Power, Justice, and Professionalism in the Tech Workplace

This account is based on interviews with six Basecamp employees who were present at the meeting, along with a partial transcript created by employees. Collectively, they describe a company whose attempt to tamp down on difficult conversations blew up in its face as employees rejected the notion that discussions of power and justice should remain off limits in the workplace. And they suggest that efforts to eliminate disruptions in the workplace by regulating internal speech may cause even more turmoil for a company in the long run.

Source: 🚨 How Basecamp blew up – Platformer

Right-wing narratives of woke capitalism are so off. Tech leaders aren’t remotely woke, as evidenced here, yet again. Over and over, tech leaders fail to rise to the 101 level of analyzing power and confronting injustice. The “disruptions” eliminated by suppressing internal speech are marginalized people. The silence is suffocating.

“Racism [and] white supremacy are not things that are so convenient that they only happen when full intention is present, or true malice is present,” the employee said. “Evil is not required. We’re not so lucky as for this to come down to good and evil. It’s as simple as creating a space where people do not feel welcome.”

The employee continued: “The silence in the background is what racism and white supremacy does. It creates that atmosphere that feels suffocating to people. It doesn’t require active malice. It’s not that convenient.”

Source: 🚨 How Basecamp blew up – Platformer

Marginalized groups are tired from the exhausting work of coaching white men to understand their world. The leadership at Basecamp, and pretty much every tech company, are so far behind at understanding worlds outside their own that their professionalism is in question.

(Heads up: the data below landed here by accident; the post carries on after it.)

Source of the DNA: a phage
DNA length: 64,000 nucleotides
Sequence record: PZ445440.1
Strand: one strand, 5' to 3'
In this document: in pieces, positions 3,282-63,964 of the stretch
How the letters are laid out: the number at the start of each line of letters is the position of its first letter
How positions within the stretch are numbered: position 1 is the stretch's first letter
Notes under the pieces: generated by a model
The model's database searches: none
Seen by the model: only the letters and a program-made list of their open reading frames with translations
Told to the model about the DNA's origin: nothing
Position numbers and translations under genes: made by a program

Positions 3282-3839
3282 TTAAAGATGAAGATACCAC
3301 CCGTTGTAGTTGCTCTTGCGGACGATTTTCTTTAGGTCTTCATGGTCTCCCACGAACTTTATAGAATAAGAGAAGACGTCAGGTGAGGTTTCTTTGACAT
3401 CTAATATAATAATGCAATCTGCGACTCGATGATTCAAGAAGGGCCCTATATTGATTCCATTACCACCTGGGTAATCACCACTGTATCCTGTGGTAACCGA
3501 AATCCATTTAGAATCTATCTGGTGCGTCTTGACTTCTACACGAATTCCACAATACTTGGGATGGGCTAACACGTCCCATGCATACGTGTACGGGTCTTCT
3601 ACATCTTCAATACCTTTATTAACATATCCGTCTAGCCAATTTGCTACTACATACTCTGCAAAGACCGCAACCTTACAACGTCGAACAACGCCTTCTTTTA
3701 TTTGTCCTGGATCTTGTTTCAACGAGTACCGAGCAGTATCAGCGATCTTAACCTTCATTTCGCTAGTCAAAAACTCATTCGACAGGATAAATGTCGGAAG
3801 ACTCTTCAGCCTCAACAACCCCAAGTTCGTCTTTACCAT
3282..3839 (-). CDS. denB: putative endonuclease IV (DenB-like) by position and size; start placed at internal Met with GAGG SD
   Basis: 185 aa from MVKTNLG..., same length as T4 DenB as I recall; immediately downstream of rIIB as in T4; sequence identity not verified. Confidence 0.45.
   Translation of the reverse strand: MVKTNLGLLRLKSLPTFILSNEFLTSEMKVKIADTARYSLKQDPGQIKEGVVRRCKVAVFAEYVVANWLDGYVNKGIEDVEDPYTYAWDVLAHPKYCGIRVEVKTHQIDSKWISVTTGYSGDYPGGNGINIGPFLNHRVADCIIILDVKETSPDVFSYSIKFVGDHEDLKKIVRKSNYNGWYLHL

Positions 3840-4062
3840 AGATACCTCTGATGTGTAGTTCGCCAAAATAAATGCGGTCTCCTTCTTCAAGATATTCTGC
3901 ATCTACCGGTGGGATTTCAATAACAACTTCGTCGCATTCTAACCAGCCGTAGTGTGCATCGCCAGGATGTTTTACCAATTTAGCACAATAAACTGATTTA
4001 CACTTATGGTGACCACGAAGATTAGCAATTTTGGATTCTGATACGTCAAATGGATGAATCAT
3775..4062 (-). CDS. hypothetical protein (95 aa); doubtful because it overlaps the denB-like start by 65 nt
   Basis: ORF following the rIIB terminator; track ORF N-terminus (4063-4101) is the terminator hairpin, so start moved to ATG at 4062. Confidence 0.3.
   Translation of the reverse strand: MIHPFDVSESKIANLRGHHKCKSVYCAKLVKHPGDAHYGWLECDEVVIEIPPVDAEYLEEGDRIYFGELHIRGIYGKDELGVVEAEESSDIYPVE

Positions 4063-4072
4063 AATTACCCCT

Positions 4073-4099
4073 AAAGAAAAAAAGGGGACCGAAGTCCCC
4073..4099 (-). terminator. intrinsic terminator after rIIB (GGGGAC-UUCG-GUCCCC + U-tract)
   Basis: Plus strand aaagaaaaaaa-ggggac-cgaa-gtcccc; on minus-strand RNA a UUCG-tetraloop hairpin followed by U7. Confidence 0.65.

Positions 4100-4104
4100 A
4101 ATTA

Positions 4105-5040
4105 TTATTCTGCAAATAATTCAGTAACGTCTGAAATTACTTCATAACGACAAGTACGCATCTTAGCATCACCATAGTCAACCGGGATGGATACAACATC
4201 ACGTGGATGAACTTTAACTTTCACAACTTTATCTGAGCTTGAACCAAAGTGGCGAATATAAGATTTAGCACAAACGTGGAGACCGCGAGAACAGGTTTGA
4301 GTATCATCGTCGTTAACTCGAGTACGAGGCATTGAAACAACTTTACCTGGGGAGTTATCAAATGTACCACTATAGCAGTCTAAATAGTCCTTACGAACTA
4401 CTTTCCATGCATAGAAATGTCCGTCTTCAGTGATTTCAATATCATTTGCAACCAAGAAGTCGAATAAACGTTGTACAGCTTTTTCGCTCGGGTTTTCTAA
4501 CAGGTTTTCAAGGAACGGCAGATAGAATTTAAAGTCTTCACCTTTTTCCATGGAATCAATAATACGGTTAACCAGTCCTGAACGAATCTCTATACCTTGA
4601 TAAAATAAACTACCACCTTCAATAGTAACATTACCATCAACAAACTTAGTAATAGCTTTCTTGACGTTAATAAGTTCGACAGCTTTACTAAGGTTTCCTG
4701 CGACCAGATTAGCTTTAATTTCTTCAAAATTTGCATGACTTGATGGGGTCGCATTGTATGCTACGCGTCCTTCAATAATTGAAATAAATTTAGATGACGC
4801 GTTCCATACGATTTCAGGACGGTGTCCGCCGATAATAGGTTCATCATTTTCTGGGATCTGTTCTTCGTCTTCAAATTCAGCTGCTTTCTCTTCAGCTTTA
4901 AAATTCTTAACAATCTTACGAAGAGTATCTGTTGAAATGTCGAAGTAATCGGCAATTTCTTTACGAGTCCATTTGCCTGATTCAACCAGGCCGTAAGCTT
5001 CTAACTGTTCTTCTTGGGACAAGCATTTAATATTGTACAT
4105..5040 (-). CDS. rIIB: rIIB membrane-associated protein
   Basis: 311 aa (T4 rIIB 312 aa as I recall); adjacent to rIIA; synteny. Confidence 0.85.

For this reason, I would suggest a renewed focus on MESH education,which stands for Media Literacy, Ethics, Sociology, and History. Because if these are not given equal attention, we could end up with incredibly bright and technically proficient people who lack all capacity for democratic citizenship.

Source: Forget STEM, We Need MESH. The importance of media literacy… | by Tim Wise | Our Human Family | Medium

The price of relevance is fluency,” and these leaders are not fluent.

Worse, that visibility of critique means that powerful people now have to do work that they didn’t want to do. They can’t stand it.

Suddenly, even the most powerful people in society are forced to be fluent in the concerns of those with little power, if they want to hold on to the cultural relevance that thrust them into power in the first place. Being a comedian means having to say things that an audience finds funny; if an audience doesn’t find old, hackneyed, abusive jokes funny anymore, then that comedian has to do more work. And what we find is, the comedians with the most privilege resent having to keep working for a living. Wasn’t it good enough that they wrote that joke that some people found somewhat funny, some years ago? Why should they have to learn about current culture just to get paid to do comedy?

Similarly, CEOs keep fussing about how it’s hard to not offend people these days. (Being a CEO myself, this one ends up on my radar a lot.) Now, every person in marketing knows they have to try to stay culturally relevant, and certainly every ordinary worker knows they constantly have to be learning new skills and developing professionally. But if a CEO has been in his seat long enough, he’ll often get deeply resentful of being told that he has to learn new ways of being respectful to the people who were systematically obstructed from reaching his awareness in the past.

Source: The price of relevance is fluency